The most remote places of the EU: French Guiana

, by Isabelle Unger, Translated by Flavia Sandu

All the versions of this article: [Deutsch] [English]

The most remote places of the EU: French Guiana
The “Îles du Salut” at the French Guianan coast. © Alexander Stirn / Link/ CC-BY-NC-ND 2.0

In a new series, our German sister edition treffpunkteuropa.de explores the most remote places of the European Union. Geographically, they may lie thousands of kilometers from the European continent, yet they are part of the Union. We are explaining why these places are tied to Europe and why a trip there could be worthwhile. To begin the series, French Guiana in South America, home of the Devil’s Island and the scene of unique landscapes.

Thousands of kilometers away, but still part of Europe - the French Guiana (not to be confused with Guyana) is located between Brazil and Suriname and it is approximately as big as Austria. By virtue of being part of France, it is also part of the EU and NATO. The currency used is the euro.

Christopher Columbus discovered the region in 1498. The first European immigrants were the Dutch, followed by the French and the British. Initially belonging to Portuguese Brazil, French Guiana was given to France in the Treaty of Badajoz in 1801, and today it has two seats in the Senate and the National Assembly of the motherland. The “Îles du Salut”, a former French prison colony also known as Devil’s Island, became well-known through the bestseller “An Officer and a Spy”. Robert Harris told here the historical scandal of a Jewish officer, Alfred Dreyfus, accused of treason, who was imprisoned on the island.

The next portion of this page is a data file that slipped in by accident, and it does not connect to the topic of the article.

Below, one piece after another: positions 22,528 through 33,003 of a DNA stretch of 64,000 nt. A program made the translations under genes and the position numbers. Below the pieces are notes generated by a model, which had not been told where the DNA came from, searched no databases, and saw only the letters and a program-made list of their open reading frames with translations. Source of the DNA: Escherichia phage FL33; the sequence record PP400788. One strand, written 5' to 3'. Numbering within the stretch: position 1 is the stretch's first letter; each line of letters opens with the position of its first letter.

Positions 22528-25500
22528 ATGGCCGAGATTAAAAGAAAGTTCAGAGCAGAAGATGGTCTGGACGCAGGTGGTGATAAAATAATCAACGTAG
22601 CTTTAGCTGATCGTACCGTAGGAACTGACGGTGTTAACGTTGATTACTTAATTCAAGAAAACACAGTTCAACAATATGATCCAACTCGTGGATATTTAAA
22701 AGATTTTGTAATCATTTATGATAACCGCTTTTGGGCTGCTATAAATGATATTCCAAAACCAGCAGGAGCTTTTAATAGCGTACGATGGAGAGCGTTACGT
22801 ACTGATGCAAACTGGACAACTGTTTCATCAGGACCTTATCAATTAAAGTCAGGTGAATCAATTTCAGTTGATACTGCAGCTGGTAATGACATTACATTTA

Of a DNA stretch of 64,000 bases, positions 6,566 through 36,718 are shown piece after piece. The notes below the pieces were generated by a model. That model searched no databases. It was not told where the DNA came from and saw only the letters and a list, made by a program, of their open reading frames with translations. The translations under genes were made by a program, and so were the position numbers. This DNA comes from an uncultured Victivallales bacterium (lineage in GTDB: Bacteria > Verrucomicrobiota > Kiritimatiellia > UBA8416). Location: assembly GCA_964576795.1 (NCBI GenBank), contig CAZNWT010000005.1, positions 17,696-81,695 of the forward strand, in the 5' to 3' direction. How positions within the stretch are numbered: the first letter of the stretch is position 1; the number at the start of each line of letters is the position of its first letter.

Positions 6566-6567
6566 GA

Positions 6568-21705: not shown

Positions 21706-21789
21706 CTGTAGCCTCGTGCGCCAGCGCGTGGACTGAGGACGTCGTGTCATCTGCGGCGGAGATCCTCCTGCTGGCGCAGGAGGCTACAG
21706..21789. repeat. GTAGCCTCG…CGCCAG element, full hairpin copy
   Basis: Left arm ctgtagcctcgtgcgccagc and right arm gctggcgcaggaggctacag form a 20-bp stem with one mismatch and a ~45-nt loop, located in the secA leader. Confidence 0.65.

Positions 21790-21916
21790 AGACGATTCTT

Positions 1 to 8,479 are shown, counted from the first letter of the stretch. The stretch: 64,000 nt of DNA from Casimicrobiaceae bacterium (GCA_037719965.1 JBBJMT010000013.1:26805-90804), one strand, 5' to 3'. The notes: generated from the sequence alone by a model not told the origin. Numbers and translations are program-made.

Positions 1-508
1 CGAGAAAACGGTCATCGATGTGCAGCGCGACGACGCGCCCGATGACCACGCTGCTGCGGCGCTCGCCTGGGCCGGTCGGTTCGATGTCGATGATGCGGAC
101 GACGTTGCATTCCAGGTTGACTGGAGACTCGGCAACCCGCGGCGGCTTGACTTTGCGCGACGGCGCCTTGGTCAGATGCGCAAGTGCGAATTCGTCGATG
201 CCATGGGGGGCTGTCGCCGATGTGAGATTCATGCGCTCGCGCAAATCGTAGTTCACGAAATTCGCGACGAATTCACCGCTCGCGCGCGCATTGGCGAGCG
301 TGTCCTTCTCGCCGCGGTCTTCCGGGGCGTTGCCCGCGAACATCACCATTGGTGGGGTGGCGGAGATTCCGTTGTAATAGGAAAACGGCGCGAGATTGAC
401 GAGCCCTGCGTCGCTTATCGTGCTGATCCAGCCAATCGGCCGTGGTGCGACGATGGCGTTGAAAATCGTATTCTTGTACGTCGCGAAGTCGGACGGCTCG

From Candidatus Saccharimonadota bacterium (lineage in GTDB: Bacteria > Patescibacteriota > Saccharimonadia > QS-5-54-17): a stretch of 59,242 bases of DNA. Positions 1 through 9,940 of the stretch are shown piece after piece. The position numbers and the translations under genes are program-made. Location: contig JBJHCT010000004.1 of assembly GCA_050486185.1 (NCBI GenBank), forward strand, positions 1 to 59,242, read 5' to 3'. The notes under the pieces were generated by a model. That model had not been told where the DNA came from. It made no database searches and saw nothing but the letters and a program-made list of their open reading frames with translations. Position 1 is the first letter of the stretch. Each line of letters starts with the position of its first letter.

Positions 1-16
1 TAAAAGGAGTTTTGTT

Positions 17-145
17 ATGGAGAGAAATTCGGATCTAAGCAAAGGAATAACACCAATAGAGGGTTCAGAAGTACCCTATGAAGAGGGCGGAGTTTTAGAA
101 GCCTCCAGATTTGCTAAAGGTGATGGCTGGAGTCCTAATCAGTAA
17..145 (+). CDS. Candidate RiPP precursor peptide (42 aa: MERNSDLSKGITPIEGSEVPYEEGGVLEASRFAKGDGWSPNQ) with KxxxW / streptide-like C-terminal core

The central economic factor of the region is the ESA-operated spaceport in Kourou, which represents one of the greatest tourist attractions. Another reason for a trip is the breathtaking nature of French Guiana: 90 percent of the surface consists of tropical rainforests, which constitutes the largest continuous forest area of the EU.

Location of French Guiana.

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Your comments

  • On 2 August at 22:21, by Ian Beckett Replying to: The most remote places of the EU: French Guiana

    If you want a remote place that at the moment is part of the EU, try Pitcairn Island in the southern Pacific, a UK overseas territory. It has even been the recipient of EU funding, although it would be more accurate to say it received funding from the UK channelled through the EU.

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